Copper panels have been used as a support for oil painting since the Renaissance. Copper has the useful property of giving the applied paint a luminosity as well as allowing you to move paint around freely since it is completely smooth and non-absorbent. We were delighted to hear that Sophie Ploeg, an award-winning, UK-based art historian and artist, wanted to write for us about the experience of using a copper panel as a surface for an oil painting. She was the perfect choice since her superb and refined oil paintings, often inspired by 17th century culture, lend themselves so well to painting on copper. Her work enriches and exposes copper as an intriguing surface that creates an exquisite final piece.
How to Prepare a Copper Panel for Oil Painting
by Sophie Ploeg
Painting on or with copper has a long history. Copper based pigments have long been an important source of colour for artists, but copper plates have also functioned as a support for paintings, instead of the more familiar canvas or wood supports, for a long time. Copper was especially popular as a support in the 16th and 17th century and paintings from then are as vibrant and colourful as if they had been painted yesterday. It is a great support to work on. In this article, I will show you how to prepare a copper plate for oil painting.
Copper panels come in varying thicknesses. If you want to paint on copper, it does not really matter what thickness you go for but there are a couple things to keep in mind. If you work on a very thin sheet of copper, the plate will be bendable and flexible. And of course you don’t want your layer of paint to flex and bend so you will need to steady a thin plate. In order to do this you can adhere a rigid support (such as wood) on to the back with some archival glue.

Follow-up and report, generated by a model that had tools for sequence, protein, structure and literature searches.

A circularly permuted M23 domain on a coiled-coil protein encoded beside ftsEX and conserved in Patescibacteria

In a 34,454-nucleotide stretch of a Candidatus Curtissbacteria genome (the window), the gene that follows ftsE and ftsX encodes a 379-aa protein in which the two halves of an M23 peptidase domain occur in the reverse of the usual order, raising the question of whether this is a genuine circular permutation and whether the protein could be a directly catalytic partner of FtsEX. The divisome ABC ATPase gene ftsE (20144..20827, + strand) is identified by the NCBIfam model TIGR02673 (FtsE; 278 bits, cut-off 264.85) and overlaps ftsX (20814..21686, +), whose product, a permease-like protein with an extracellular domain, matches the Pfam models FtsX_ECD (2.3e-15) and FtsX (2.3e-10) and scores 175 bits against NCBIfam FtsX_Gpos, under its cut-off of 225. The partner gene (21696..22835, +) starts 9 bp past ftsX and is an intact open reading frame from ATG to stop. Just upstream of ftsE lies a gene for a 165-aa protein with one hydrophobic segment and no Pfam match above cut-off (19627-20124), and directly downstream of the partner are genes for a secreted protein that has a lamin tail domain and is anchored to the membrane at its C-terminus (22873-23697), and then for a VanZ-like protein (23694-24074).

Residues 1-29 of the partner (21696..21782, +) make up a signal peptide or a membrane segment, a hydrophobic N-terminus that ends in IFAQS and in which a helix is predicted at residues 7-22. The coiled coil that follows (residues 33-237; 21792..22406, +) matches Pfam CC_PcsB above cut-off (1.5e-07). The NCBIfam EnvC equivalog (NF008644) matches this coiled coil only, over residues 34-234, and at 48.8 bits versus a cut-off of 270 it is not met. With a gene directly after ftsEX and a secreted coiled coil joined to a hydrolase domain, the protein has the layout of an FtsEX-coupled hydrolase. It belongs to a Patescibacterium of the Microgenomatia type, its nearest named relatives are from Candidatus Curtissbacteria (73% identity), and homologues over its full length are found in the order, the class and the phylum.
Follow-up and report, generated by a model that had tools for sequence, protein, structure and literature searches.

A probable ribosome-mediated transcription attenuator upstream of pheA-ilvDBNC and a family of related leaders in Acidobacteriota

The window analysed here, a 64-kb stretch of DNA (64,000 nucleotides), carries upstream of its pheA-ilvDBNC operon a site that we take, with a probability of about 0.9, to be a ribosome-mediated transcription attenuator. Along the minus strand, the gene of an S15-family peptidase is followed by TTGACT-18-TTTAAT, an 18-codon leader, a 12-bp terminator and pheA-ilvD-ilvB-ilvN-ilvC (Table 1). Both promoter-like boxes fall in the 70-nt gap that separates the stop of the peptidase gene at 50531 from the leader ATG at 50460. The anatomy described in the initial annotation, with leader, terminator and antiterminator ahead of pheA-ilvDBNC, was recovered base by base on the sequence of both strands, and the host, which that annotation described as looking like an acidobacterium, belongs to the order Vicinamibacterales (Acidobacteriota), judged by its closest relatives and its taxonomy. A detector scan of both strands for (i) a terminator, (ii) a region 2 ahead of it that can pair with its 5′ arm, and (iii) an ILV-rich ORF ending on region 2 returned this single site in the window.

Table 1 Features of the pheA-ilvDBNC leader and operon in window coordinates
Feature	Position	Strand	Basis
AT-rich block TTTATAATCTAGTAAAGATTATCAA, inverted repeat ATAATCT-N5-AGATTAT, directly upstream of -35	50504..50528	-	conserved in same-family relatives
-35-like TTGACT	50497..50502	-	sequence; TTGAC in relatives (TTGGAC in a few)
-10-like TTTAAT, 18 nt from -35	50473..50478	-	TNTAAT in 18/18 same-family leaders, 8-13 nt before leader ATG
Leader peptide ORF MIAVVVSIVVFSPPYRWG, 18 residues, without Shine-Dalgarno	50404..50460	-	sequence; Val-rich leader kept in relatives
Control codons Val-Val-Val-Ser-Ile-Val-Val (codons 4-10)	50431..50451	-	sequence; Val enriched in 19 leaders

If you are working on a thicker piece of copper, I am using a Roberson’s Copper Etching Plate which Jackson’s stock in various sizes with a thickness of 1.2mm, you will not need to support it. Do keep in mind that if you are working on a scale larger than A4 the plate will be very heavy. This is one of the reasons you will find the majority of copper paintings are small as anything big will just be too weighty.
Copper can show oxidation, if it is left exposed to air and humidity for a long time. If you have any unexposed areas in your painting (or leave the back uncovered by not framing it with a backing board) you will need to apply a varnish. That way the varnish will seal any exposed copper and protect it from oxidation. If you cover your plate in paint completely and cover the back with a backing board, you won’t have to worry about oxidation.
I would frame a copper plate with a backing board to avoid oxidation and any warping or bending.
You could leave your painting unvarnished if you wished, provided you hadn’t left any copper exposed, or you could varnish it as normal.
Smooth and Slick
Painting on copper is quite different from painting on canvas. There really is no texture whatsoever nor any absorbency on a copper support; so your paint will not be stopped in its flow by the weave of the canvas, nor the absorbency or the brush marks of your primer. Without anything to hold it back, the paint will flow and move easily: you can move it around the surface, pick it up and move it elsewhere. It is a little bit similar to painting on an oil primed support.